Notes and Editorial Reviews
AT THE HAUNTED END OF DAY
Simon Rattle, cond; Yehudi Menuhin (va);
Julian Bream (gtr);
Iona Brown (vn);
Ralph Kirshbaum (vc);
Yvonne Kenny (sop);
John Shirley-Quirk (bar);
Carmen de Sautoy (nar);
Philharmonia O; Christ Church Cathedral Ch, Oxford;
Goldsmith Ch Union & Highgate Ch Society
TONY PALMER FILMS 113 (DVD: 99:00)
Excerpts: Cello Concerto.
Symphonies: No. 1; No. 2. Violin Concerto.
Drop, drop, slow tears.
Johannesburg Festival Overture. The Wise Virgins:
Bagatelle No. 3.
Coronation Te Deum. Troilus and Cressida
William Walton (1902–1983) was, by his own admission, an instinctive composer. Proficient on no instrument, he could just pick out notes and chords on a piano and was on the verge of being expelled from the school his parents, one a music teacher and the other a singer, could no longer afford. Inspiration came to him intermittently; his work was therefore uneven; but when truly inspired, as in the early choral anthems,
Façade, Balshazzar’s Feast
Coronation Te Deum
, his First Symphony, and the music for Lawrence Olivier’s films (particularly
), he was very good indeed. He longed to write an opera for decades, yet when he gave birth to his first,
Troilus and Cressida
, he realized it was uneven and so was sorely disappointed. Despite considerable fame, particularly in the years before 1945, he barely made enough money to live on. Only during the 1950s and 1960s did he finally generate enough income to live comfortably if not resplendently. In short, he was a quirky genius, often depressed, seldom satisfied with his work, yet paradoxically a man with deep passions about music and a wonderful sense of humor.
All this and more is captured in Tony Palmer’s 1981 documentary on the composer. One of its delights is the way he captured then-young Simon Rattle in performance: all of Rattle’s energy and enthusiasm for music is mirrored on his face. It’s also wonderful to see Julian Bream playing guitar, Yvonne Kenny in her most silvery voice singing passages from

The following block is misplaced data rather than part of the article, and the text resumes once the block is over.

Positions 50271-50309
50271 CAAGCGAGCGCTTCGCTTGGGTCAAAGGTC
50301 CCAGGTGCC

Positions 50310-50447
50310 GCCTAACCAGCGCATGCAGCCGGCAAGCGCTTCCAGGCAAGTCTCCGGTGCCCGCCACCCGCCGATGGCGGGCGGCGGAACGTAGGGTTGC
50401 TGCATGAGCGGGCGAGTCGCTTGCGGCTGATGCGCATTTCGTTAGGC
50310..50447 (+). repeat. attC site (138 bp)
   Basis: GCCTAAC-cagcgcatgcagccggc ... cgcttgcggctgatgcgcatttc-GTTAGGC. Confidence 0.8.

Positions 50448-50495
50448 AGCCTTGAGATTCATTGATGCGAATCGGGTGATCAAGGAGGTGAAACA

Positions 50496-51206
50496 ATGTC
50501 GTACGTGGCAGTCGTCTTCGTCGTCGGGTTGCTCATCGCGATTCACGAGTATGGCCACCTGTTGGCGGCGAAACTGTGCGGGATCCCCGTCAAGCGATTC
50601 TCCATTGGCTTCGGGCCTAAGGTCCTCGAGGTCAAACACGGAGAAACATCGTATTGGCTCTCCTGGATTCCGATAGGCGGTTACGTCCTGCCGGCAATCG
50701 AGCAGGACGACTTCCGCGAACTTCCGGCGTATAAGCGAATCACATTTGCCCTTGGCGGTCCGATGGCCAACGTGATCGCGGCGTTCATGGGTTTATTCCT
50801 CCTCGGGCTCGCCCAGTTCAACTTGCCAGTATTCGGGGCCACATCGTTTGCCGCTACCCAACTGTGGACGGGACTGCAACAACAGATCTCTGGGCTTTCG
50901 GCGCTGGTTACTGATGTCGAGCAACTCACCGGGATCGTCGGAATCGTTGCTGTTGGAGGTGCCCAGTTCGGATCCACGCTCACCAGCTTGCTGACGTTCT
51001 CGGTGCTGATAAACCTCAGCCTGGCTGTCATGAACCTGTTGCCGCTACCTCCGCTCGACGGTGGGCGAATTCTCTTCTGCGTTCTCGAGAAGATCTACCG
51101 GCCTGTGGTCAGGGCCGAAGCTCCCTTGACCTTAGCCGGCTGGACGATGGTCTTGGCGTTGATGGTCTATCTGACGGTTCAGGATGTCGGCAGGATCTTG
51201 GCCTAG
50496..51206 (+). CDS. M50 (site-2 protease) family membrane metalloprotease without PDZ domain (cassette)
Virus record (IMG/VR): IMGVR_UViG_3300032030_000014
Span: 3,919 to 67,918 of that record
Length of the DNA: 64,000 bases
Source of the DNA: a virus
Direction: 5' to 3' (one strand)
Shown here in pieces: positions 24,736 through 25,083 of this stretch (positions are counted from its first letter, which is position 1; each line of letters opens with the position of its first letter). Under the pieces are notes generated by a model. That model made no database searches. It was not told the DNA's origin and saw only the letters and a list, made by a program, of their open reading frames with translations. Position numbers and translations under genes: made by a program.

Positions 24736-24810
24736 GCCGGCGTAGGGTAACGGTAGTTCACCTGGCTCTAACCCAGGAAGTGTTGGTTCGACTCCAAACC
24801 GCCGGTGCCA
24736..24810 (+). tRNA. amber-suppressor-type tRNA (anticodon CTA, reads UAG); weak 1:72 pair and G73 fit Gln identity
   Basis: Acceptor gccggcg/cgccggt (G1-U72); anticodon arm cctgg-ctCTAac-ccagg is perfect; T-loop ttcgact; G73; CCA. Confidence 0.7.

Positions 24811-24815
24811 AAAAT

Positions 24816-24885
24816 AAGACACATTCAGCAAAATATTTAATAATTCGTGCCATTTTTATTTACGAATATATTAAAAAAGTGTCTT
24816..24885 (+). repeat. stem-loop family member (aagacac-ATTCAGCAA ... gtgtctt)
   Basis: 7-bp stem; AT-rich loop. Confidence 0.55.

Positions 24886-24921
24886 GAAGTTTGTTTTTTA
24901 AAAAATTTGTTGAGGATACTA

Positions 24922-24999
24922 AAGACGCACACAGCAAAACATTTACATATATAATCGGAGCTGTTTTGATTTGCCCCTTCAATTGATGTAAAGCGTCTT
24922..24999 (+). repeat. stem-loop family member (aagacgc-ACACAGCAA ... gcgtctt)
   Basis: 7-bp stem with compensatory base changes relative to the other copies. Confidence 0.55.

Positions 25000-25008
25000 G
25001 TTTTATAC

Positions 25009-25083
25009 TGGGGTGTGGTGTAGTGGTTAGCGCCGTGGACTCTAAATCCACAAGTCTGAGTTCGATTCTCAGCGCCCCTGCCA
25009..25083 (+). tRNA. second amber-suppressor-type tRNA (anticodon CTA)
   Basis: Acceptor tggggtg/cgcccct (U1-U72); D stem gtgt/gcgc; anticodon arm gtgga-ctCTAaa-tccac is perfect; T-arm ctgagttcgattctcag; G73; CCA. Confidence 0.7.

Troilus and Cressida
, and Yehudi Menuhin playing viola. There is so much to say about this DVD, as is the case of most Palmer films, that it seems a shame to waste any more space doing so. Tony Palmer is the best friend the lively arts, particularly good music, has ever had in the documentary field, and this was evidently a labor of love. Those who adore Walton’s music will, of course, need it in their collection, but even those who have been ambivalent about certain works will find much to enjoy. It is delightful to see Palmer recreate the first performance of his most famous work,
—which is also one of the few that really reveals Walton’s sense of humor and his lifelong love of nightclubs—with Edith Sitwell look-alike Carmen de Sautoy yelling the poems through a megaphone that looks for all the world like a highway construction cone. Oh, yes, we also get a clip of Dame Edith herself from the 1960s talking about
, and generous interview samples from her kid brother Satcheverell, who was still alive at the time of filming.
Obviously, since this was a 1981 production, some of the visual quality is not up to the highest digital standards. But who cares? It’s a Tony Palmer film. Enough said.
FANFARE: Lynn René Bayley
Picture format: NTSC 16:9
Sound format: Digital Stereo
Region code: 0 (worldwide)
Running time: 99 mins
No. of DVDs: 1 Read less
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